Snow Ghosts

Snow Ghosts from Whitefish Mountain looking out towards Glacier National Park (Photo by Rick and Susie Graetz)

Snow Ghosts from Whitefish Mountain looking out towards Glacier National Park (Photo by Rick and Susie Graetz)

One might think these trees have been taken over by encrusted snow, while others erroneously call the coating hoar frost. The truth is that the cover is heavy accumulations of super-cooled water droplets called rime.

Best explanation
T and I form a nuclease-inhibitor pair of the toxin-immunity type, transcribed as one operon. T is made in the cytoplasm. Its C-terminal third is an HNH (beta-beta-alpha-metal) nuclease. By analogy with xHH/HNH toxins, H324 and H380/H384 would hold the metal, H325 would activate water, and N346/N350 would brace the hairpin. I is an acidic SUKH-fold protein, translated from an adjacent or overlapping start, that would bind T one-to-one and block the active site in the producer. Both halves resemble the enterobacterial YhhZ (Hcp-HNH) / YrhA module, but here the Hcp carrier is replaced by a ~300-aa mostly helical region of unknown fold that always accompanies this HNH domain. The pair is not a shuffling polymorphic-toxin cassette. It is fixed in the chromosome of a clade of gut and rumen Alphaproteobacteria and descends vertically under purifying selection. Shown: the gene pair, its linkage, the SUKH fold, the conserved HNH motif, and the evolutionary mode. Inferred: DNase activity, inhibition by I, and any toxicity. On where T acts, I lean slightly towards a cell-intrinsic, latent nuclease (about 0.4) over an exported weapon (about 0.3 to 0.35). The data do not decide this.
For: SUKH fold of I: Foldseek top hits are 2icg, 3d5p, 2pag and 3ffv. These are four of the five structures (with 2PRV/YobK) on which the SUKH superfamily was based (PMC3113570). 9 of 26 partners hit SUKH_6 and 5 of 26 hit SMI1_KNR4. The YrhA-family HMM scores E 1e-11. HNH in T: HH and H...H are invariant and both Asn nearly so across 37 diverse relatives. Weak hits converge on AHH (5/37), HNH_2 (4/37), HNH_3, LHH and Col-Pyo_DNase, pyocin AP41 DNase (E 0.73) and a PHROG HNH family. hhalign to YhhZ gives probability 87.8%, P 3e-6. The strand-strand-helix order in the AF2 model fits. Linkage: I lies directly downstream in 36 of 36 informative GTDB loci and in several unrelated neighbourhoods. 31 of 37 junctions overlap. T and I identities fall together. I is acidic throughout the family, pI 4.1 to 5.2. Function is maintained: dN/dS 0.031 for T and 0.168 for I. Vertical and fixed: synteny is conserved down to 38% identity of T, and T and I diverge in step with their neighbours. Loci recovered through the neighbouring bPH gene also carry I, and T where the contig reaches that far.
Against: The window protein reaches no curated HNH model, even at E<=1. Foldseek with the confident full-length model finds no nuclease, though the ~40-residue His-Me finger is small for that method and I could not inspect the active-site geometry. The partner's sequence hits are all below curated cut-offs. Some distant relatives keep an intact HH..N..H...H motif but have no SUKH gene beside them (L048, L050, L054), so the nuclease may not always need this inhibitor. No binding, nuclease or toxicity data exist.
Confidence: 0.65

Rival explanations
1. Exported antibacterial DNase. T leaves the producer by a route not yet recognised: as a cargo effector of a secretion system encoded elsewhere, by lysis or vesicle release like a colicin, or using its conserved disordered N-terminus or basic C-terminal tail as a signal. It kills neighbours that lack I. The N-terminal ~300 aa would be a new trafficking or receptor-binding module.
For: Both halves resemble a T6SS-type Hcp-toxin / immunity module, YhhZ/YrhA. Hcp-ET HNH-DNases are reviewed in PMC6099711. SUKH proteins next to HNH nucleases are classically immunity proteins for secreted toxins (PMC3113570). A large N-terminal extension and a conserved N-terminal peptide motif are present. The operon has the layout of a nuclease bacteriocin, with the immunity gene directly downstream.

During periods of extreme cold, rime from hydrothermal mist accumulates on the branches of trees. When combined with falling snow, trees take on an eerie appearance and are known as “snow ghosts.” Even though the fog and mist caught up in the mountains is at or bellow freezing temperatures, they are made of masses of suspended water droplets.

These super-cooled water droplets can exist in a liquid state between 32 and -40 degrees because they lack freezing nuclei. These droplets freeze however, when they encounter ridge top and summit obstacles - like trees, lift towers, and buildings.

University of Montana's Department of Geography